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Author Topic: will we see network hashing power drop due to BF3 release?  (Read 1290 times)
cablepair
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October 24, 2011, 11:40:10 PM
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Just something silly I am curious about, BF3 is coming out tomorrow (I have been playing the cracked version today and it is UNREAL) do you think we will see drop in network speed due to collectively every other mining stopping mining with one of their GPU's and using it to play BF3? I currently took a 6870 out of mining to play this game and it is well worth the loss of 300 mhash!

any thoughts? Smiley

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October 24, 2011, 11:41:03 PM
 #2

Yes..

Next question.. Smiley

wait.. cracked ?

Can you play it online cracked ?

Is PC version waaaay better than console version in terms of graphics.. ? or the same ?

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October 24, 2011, 11:41:16 PM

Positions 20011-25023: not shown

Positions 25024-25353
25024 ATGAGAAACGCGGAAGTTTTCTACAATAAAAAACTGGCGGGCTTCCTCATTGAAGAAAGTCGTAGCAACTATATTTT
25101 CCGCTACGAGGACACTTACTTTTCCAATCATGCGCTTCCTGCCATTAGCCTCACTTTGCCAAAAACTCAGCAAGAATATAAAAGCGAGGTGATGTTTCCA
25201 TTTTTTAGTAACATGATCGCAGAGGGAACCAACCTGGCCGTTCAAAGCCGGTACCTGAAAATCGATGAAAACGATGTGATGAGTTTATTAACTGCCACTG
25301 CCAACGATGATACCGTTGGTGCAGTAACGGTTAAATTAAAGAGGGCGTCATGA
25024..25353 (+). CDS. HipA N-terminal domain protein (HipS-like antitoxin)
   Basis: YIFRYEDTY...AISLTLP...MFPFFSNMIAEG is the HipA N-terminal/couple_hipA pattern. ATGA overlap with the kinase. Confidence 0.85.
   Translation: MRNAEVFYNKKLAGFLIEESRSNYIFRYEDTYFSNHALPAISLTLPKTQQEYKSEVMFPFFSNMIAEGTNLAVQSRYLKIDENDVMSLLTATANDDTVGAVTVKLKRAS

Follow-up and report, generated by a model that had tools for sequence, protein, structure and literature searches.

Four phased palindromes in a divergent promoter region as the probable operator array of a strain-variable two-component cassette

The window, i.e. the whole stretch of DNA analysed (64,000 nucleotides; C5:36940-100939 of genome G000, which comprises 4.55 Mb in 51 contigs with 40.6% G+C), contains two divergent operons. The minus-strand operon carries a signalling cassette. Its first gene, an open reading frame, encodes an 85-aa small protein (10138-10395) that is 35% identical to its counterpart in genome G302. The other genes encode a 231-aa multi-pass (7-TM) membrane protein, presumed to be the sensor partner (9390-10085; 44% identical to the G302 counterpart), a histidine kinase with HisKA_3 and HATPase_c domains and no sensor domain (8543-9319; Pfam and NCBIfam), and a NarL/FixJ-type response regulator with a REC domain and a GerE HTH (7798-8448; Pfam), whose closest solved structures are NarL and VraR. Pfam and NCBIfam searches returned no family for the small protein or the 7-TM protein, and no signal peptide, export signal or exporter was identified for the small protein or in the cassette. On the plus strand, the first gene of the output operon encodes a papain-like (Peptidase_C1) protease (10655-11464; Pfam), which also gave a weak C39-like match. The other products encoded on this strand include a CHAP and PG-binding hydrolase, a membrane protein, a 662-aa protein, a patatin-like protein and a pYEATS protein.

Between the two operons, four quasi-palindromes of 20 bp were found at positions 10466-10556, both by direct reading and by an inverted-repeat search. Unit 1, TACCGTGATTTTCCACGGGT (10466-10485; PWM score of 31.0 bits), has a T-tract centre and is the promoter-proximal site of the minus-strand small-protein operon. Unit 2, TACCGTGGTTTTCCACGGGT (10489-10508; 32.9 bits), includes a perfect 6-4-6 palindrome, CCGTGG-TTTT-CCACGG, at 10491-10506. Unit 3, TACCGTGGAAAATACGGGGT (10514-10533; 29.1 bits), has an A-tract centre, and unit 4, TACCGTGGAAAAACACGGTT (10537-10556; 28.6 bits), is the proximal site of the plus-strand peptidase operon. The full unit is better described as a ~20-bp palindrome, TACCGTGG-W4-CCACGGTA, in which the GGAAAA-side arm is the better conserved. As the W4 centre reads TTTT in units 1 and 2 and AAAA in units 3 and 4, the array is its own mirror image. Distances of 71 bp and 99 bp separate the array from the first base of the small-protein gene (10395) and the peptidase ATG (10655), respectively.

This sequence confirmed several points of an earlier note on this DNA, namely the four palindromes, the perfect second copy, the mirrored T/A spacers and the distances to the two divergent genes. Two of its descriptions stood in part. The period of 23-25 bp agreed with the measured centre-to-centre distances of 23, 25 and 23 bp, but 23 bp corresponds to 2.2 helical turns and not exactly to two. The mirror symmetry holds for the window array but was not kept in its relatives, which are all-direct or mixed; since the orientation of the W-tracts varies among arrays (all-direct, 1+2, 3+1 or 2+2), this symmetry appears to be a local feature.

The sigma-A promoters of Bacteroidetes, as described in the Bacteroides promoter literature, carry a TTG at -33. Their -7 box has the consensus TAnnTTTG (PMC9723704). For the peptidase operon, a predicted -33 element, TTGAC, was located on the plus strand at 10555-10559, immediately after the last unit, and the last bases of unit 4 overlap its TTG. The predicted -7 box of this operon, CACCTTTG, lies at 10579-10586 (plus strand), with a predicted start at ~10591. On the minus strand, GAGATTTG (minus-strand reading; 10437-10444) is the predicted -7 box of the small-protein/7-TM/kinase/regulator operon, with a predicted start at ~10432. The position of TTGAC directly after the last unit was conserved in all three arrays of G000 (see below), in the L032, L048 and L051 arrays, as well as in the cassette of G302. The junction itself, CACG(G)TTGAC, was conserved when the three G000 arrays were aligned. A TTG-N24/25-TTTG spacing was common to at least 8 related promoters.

#3

No.

But price drop can cause some hashrate decrease in next days.

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October 24, 2011, 11:52:48 PM
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A majority of the hashrate still comes from big miners with custom rigs, this might change in the future if the current outlook holds. Overall I think we are at the near end of the gpu mining cycle. The mining factor has been decreasing steadily with no end in sight and while some people might hold on for ideological reasons investing in new gpus would be a dumb thing to do right now.

I even think we might skip the 7XXX series cards altogether and go straight to fpgas, some people might fall for it but I doubt they will exit profitable.

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October 25, 2011, 12:39:56 AM
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A majority of the hashrate still comes from big miners with custom rigs, this might change in the future if the current outlook holds. Overall I think we are at the near end of the gpu mining cycle. The mining factor has been decreasing steadily with no end in sight and while some people might hold on for ideological reasons investing in new gpus would be a dumb thing to do right now.